During the three years since Alla Kurnosova’s baptism, she had corresponded with missionaries she had known in St. Petersburg. “Through letters, they gave me hope and strength,” Alla says. She and her 13-year-old son had continued studying the scriptures. “It seems Vitaliy knows even more than I do,” says Alla. “He teaches me all the time.” Both prayed that the Church would come to Chernigov.
Their prayers and patience were finally rewarded. Alla and Vitaliy became close friends with the Shavekos. The two families took turns hosting the twice-a-month Sunday meetings with the missionaries. Nikolay and Vitaliy were assigned as home teaching companions and visited both families together.
“Where two or three are gathered together in my name, there am I in the midst of them” (Matt. 18:20).
The meeting in Nikolay and Lena’s home on Sunday, 1 June 1997, is typical of the meetings during those days. Twelve people are in attendance: Nikolay, Lena, Anya, and Yulia; Alla, Vitaliy, and Alla’s nonmember mother, Vera; Katya Malihina, a 19-year-old Church member from Kiev attending law school in Chernigov; and four missionaries who have been teaching the group: Elder William and Sister Manette Murri, Elder David Sills, and Elder Chris Colton.
Elder Sills conducts the meeting. Sister Murri plays the piano. (She has been encouraging Anya and Yulia to learn to play several hymns. Before and after the meeting, the girls demonstrate how well they are progressing.)
The opening hymn is “I Need Thee Every Hour,” and Vitaliy offers the prayer. The sacrament hymn is “Jesus, Once of Humble Birth.” Nikolay and Elder Colton prepare the sacrament on a small table covered with a simple white cloth and offer the sacrament prayers. Vitaliy passes the bread and water. Then, as sunlight streams through the living room windows, the members and missionaries express love for the Savior and gratitude for the gospel.
Lena weeps as she expresses how wonderful it is to hold Church meetings in her home. “There are very few people here; everybody fits into one apartment,” she says. “In other places, there are more members of the Church, and everybody does not have the opportunity to bear his or her testimony every time.”
She tells about a visit she had with a woman during the week: “I had a feeling in my heart that I should share the gospel with her.” In return, the woman, a member of a Protestant church, shared with Lena the steps necessary to officially register the LDS Church in the city—making a complicated process seem manageable. “The woman and I were happy to have the opportunity to talk with each other about religion. We became good friends, sisters in faith, even though we have different religions. We are all children of God. I know God will always help us and that the Church will grow here in Chernigov.”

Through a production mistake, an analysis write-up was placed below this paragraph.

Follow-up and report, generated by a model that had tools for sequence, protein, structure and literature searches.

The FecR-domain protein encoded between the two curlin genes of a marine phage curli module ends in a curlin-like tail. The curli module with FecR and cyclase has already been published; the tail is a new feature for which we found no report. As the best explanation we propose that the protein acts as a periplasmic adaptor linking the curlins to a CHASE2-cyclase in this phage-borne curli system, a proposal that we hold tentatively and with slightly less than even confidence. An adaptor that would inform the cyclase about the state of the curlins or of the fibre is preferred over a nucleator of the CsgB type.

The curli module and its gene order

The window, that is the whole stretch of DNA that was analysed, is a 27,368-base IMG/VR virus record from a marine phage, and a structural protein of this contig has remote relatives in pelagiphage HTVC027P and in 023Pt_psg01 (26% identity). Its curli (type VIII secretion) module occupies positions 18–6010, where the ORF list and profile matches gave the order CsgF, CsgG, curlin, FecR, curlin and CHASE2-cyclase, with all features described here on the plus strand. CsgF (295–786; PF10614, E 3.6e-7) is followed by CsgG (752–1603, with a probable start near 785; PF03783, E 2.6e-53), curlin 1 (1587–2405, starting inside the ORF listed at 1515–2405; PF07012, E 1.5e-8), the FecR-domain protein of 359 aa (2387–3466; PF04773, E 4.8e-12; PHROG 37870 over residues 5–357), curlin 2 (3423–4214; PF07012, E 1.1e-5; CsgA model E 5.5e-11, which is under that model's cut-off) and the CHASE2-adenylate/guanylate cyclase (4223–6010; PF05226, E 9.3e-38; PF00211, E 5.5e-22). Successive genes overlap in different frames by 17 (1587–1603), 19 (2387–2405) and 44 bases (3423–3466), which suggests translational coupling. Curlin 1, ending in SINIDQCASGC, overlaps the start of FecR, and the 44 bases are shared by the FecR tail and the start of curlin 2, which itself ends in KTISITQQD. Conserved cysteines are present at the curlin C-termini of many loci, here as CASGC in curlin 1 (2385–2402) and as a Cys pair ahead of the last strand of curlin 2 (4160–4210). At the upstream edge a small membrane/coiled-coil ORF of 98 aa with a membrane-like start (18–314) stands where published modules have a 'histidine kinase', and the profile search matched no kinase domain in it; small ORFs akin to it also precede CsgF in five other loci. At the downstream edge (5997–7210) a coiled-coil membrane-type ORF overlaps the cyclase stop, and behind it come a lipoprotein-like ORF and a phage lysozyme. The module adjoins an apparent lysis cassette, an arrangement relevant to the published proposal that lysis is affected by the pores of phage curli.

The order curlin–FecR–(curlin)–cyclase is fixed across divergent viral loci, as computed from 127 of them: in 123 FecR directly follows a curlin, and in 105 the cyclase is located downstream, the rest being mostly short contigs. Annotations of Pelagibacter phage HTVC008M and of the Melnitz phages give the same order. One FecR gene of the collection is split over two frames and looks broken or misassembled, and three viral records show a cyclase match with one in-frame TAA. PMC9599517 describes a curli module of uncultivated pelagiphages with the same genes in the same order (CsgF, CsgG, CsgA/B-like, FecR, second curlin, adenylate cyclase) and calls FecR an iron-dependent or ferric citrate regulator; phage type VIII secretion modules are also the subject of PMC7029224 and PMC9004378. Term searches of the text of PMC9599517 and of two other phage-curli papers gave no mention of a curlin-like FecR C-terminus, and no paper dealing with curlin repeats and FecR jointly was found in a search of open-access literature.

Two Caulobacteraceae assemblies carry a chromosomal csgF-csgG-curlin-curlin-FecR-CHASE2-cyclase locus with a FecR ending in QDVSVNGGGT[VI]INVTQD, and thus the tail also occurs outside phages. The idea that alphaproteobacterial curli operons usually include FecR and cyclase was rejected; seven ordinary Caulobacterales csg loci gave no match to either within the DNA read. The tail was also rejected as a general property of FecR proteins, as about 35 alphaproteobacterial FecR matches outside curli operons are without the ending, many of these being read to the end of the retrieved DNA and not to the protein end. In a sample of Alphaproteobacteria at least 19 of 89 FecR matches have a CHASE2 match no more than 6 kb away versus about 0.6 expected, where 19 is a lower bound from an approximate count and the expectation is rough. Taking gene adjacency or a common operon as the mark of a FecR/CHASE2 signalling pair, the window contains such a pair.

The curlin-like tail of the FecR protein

Nikolay expresses appreciation for “being able to bear my testimony freely and to show my feelings to other people. How wonderful it is to come to know the truth and to have faith in God and in Jesus Christ, our Savior.” Then he bears witness of the Word of Wisdom. “By following it, we can have a clean heart and a clean body,” he says. “Before, I was often drunk, but today I am bearing my testimony! When I began to live the Word of Wisdom, there was a big change inside of me. I look at life a lot differently than before. I don’t want to go back to the darkness we had around us. The Church of Jesus Christ of Latter-day Saints has the truth and the commandments we should obey. We are coming closer to becoming like our Heavenly Father.”
Katya Malihina, the 19-year-old law student, says, “Yesterday I spoke with my friend about what Jesus Christ did for us. She asked me many questions.”
Young Anya Shaveko testifies, “I know Jesus Christ lives. The Church of Jesus Christ is true. It was restored through the Prophet Joseph Smith. I hope we can get a branch here as soon as possible so people can come more quickly to the gospel.”
Alla Kurnosova says, “I love the Savior with all my heart, and I try to live His commandments. After our meeting last Sunday, I spoke to my cousin about the Church. She was very interested and wants to come to our next meeting.”
Then Alla’s nonmember mother, Vera, speaks. “This is my first time to come to church here in Chernigov, but I attended several times in St. Petersburg. I have noticed here today the same feeling I had when I went to that branch—peacefulness in my heart. My soul is softened today. I think I will keep coming.”
“Love at Home” is the closing hymn. Eight-year-old Yulia offers the prayer.
“Ye are blessed, for the testimony which ye have borne is recorded in heaven for the angels to look upon; and they rejoice over you” (D&C 62:3).
Since that Sabbath day in 1997, much has changed for the Church in Chernigov. Nikolay and Lena have had their baby—a daughter named Lara. Alla’s mother, Vera, has been baptized. Vitaliy, now age 16, is preparing to serve a mission. The Church has been officially registered in the city, and a branch has been organized—with Nikolay serving as elders quorum president. Full-time missionaries now live and work in Chernigov. Many more people have been baptized. Now with some 50 members, the growing branch can no longer fit into one apartment and has rented a small building in which to meet.
But other things have not changed. The branch members still care about and watch over one another. They still share the gospel with people they meet. And the Spirit of the Lord continues to burn brightly in their hearts and in their homes.
Best of all, on 8 August 1998 the First Presidency announced that a temple will be built in Kiev, Ukraine. Soon, when the members from Chernigov make the trip to Kiev, it will be to attend the house of the Lord.